Few people spend much time pruning work from their pile of work to be done. This is one of the key reasons productivity has been so elusive in office work, and how the “productivity gap” with IT investment came to be.
Let’s start by thinking about what work is.
The work you do for your organization falls into two broad classes: work that adds value to the enterprise, and work that does not add value (as in lower costs, higher revenues, or both).
I am not concerned at this moment with how you might trace this out — few of us actually work in positions where a direct correlation between what we do and the profit-and-loss (P&L) statement exists and is clear to us — but for now let’s just distinguish work that improves the P&L and work that does not (whether it diminishes the P&L is also not important).
Clearly, in an ideal world, we would all only do the first type of work (whatever that work was).
The reality is, of course, that the world is not ideal, and some work of the second type does creep in.
The goal, however, especially as times become more turbulent and the next round of the recession digs in, is to minimize this work that does not augment the P&L, because we need (as revenues may be falling and costs may be rising) to eke out every improvement we can get.
So, for each item in your stack, consider carefully where it might fall.
Is it obviously going to lead toward P&L improvement, obviously not going to do so, or is it ambiguous? Given that resources may get tighter in a recession — more astute organizations have imposed spending and headcount freezes already, so every person who retires or resigns leaves a vacancy, and bridging contractors are not able to be engaged — we need to spend more time avoiding the non-productive work. Take all of the “will not improve the P&L” — and just don’t do it.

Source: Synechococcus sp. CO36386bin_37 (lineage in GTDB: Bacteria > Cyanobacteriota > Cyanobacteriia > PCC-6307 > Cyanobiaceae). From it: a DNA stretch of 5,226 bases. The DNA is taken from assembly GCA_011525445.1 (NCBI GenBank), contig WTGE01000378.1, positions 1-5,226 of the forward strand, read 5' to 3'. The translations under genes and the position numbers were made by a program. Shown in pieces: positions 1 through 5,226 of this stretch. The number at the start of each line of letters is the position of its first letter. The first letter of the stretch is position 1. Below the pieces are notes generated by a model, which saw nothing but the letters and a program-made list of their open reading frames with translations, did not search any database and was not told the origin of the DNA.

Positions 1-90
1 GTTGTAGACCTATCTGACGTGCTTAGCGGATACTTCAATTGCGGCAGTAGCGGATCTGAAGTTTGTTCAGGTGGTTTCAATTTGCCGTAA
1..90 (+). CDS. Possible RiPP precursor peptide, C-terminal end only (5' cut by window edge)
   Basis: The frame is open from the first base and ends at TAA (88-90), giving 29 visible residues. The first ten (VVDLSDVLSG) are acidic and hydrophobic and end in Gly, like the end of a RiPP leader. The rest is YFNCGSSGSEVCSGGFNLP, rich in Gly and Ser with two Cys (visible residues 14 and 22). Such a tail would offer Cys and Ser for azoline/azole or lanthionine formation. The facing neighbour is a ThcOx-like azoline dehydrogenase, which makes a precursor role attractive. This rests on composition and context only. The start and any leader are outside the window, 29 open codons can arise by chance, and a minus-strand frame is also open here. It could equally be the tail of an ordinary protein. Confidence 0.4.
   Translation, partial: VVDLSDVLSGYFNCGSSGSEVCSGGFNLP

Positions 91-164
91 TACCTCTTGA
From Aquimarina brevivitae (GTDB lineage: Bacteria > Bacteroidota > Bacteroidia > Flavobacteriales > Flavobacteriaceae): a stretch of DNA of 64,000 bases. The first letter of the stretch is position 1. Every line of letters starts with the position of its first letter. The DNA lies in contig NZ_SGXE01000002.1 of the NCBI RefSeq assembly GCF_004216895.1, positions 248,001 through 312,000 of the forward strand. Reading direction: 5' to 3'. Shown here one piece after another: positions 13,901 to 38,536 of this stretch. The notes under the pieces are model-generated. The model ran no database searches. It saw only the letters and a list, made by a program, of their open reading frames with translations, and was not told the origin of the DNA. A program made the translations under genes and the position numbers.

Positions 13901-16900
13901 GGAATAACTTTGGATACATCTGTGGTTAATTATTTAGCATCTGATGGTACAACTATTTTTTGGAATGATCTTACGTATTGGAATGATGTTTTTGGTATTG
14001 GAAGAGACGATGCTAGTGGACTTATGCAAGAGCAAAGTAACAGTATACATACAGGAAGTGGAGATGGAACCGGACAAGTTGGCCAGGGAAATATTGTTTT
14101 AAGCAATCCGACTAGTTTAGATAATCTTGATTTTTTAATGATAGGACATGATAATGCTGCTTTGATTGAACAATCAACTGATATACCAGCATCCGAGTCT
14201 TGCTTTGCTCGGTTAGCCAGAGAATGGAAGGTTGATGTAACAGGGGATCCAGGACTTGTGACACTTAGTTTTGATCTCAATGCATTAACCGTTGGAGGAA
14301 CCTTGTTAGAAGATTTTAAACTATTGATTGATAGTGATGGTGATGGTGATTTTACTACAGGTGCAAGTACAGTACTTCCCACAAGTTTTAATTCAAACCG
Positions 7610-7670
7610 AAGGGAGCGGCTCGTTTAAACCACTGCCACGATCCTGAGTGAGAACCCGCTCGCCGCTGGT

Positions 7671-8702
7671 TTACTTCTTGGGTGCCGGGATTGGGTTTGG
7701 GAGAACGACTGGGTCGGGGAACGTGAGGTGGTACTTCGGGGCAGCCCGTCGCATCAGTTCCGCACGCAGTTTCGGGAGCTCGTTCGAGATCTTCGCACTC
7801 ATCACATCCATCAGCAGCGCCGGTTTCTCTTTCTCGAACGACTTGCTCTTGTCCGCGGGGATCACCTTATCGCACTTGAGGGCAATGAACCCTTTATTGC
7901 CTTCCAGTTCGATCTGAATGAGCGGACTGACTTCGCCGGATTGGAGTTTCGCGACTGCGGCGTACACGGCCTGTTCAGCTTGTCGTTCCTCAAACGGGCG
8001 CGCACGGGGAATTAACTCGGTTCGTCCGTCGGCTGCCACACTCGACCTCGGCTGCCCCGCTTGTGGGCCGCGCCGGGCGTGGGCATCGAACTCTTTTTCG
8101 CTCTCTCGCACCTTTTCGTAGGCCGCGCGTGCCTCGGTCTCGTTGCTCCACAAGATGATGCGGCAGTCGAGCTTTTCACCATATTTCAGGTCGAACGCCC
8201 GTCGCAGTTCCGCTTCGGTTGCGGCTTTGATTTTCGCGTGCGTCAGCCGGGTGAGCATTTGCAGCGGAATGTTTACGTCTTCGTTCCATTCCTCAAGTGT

This will make enemies.
Much of this work is composed of status reporting, survey work for other departments, analyses “requested” from executives and the like. It needs to be challenged, deferred, ultimately made to go away.
I see managers who are successful at doing this as being willing to make a business argument about use of resources and P&L outcomes, hypothesizing (if data is not easy to confirm) what the impact is. For every executive (say, for instance in HR) who argues about how important the latest survey is, another one (say, in Finance) will be noting the business-relevant approach and marking you down as someone who “gets it”.
Reality, of course, intrudes: some things must be done to satisfy regulators (e.g. a diversity count, a response to questions), regardless of what value this may have.
Others (e.g. responding to changes in this year’s staff survey) may, in the grand scheme of things, be leftovers from before the start of the recessionary period.
Learn to know the difference; learn to argue to do the right thing — and slowly but surely, your contribution will increase, and with it, the prospects for a return to growth in the company you work for.
Finally, you may be in charge of a unit that requires others to conduct analyses for it.
Ensure that the ones you ask for are essential, either as a matter of external factors, or because the data has a strong payback potential. Downturns are times when this kind of staff work becomes a luxury.
Helping the enterprise prosper when times are tougher is the key difference between those who come out of these times stronger and ready to exploit opportunities, and those who struggle to return to “normalcy”. Even in staff work, the P&L still rules. Make it so.